By Andreas Rinke and Christoph Steitz
BERLIN/FRANKFURT (Reuters) -Around 200,000 people took to the streets in Germany on Saturday, most of them in the capital Berlin, as nationwide protests against the far-right Alternative for Germany (AfD) party entered their fourth week.
Protests were also taking place in cities such as Mainz, Dresden and Hanover, in a sign of growing alarm at strong public support for the AfD.
Roughly 150,000 people flocked to the Reichstag parliament building in Berlin, where protesters gathered under the slogan "We are the Firewall" to protest against right-wing extremism and to show support for democracy.
"Whether in Eisenach, Homburg or Berlin: in small and large cities across the country, many citizens are coming together to demonstrate against forgetting, against hatred and hate speech," Chancellor Olaf Scholz wrote on X.
He said the protests were "a strong sign in favour of democracy and our constitution".
The AfD's success has stoked concern among Germany's mainstream parties, who fear it could sweep three state elections in eastern Germany in September, even though recent polls have shown a slight decline in AfD support.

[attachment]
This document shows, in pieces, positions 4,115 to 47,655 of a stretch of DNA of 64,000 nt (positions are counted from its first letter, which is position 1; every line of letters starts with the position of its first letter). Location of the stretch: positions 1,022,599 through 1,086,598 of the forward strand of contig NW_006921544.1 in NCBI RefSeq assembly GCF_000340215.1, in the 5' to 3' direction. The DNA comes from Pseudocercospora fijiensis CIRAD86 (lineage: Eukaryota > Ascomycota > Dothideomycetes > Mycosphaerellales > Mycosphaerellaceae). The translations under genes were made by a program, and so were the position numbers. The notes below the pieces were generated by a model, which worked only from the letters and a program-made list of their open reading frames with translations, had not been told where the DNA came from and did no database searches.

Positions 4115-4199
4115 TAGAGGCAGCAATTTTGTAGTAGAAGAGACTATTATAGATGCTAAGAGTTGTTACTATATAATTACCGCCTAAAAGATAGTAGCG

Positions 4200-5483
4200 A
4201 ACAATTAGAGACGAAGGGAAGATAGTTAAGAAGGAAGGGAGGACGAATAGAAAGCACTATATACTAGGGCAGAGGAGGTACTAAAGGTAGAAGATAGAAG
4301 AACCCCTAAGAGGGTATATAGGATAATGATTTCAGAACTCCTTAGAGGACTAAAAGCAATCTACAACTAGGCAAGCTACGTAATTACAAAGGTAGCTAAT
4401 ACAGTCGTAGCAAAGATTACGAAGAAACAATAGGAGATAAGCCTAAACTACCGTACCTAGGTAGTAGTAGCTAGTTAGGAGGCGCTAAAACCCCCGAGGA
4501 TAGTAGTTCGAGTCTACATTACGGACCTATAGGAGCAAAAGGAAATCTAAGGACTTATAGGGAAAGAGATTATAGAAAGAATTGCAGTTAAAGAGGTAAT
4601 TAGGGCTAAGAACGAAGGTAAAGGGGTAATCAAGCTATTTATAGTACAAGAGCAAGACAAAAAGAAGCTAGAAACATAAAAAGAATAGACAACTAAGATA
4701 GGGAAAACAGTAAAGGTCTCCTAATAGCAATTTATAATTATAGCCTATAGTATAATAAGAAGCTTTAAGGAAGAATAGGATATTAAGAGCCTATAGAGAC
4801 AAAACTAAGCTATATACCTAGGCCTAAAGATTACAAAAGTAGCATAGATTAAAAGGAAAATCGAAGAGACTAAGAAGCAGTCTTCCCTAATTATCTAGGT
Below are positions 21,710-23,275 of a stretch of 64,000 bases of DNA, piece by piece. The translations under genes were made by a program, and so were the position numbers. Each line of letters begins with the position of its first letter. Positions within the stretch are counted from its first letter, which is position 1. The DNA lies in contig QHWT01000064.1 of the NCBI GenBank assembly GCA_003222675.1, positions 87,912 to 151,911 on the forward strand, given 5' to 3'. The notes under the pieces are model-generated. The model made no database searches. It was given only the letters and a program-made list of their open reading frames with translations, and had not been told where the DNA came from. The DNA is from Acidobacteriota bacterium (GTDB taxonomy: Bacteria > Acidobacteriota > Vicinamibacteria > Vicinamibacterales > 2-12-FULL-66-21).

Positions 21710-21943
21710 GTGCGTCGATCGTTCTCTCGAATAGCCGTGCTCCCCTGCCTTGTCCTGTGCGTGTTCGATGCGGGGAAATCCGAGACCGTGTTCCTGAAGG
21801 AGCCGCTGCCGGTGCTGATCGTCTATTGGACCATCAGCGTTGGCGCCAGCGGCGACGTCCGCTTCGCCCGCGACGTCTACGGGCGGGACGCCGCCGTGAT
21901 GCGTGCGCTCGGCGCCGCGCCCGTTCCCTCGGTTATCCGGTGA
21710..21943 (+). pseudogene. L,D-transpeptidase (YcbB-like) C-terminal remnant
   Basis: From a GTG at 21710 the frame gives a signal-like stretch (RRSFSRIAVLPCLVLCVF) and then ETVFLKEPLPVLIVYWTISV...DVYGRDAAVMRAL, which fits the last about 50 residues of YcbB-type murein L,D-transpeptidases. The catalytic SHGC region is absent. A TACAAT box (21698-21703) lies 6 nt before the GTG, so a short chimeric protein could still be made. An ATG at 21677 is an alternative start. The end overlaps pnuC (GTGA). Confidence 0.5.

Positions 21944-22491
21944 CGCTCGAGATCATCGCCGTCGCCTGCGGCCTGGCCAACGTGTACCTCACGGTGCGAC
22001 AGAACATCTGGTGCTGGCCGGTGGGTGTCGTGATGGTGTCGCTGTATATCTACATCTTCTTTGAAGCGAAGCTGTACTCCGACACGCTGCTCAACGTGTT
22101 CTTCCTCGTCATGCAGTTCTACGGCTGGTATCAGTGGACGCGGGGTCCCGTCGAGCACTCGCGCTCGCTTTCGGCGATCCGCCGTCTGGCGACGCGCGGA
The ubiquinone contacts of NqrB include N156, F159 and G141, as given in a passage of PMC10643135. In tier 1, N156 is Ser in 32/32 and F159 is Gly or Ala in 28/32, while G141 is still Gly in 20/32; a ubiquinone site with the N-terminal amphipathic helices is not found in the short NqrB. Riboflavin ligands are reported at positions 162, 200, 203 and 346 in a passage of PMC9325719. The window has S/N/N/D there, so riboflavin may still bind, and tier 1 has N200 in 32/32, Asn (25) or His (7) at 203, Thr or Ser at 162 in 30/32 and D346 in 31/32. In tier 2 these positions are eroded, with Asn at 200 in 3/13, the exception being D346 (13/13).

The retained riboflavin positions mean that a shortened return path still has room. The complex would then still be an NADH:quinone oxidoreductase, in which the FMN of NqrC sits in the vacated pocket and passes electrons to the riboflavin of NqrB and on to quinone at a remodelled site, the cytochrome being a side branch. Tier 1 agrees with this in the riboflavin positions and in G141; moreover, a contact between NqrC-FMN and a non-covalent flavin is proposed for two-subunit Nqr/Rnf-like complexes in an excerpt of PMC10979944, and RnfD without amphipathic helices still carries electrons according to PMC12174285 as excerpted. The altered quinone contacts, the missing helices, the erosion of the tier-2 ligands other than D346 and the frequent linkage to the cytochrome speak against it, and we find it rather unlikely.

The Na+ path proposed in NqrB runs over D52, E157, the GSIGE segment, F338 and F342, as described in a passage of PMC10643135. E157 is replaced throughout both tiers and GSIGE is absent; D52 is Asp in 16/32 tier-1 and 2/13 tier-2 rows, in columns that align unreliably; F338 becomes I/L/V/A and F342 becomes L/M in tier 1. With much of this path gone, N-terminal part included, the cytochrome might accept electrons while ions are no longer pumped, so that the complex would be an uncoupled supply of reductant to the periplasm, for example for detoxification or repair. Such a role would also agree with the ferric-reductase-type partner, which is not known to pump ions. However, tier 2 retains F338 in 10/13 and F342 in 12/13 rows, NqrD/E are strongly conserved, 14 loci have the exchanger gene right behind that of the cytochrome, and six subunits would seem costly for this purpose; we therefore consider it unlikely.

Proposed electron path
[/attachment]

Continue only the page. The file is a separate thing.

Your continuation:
Jakob Springfeld, who speaks for the NGO Solidarity Network Saxony, said he was shocked that it had taken such a long time for mass demonstrations against the far-right, given the AfD had been successful in many smaller communities already.
"But there's a jolt now. And the fact that the jolt is coming provides hope I believe."
Earlier this week, a Forsa poll showed that backing for the AfD dropped below 20% for the first time since July, with voters citing nationwide demonstrations against the far-right as the most important issue.
According to the poll, the AfD remains in second place behind the main opposition conservatives on 32%, while Scholz's centre-left Social Democrats polled third at 15%.
The protests followed a report last month that two senior AfD members had attended a meeting to discuss plans for the mass deportation of citizens of foreign origin. The AfD has denied that the proposal represented party policy.
AfD co-leader Tino Chrupalla told broadcaster Deutschlanfunk that while it was "legitimate to take to the streets with the government" protesters should not allow themselves to be used to distract parties from the country's actual problems.
Chrupalla said Germany included Germans with a migrant background and that his party was not planning to expel them.
(Reporting by Andreas Rinke, Oliver Barth, Oliver Denzer and Christoph Steitz; Editing by Giles Elgood, Alexandra Hudson and Mark Potter)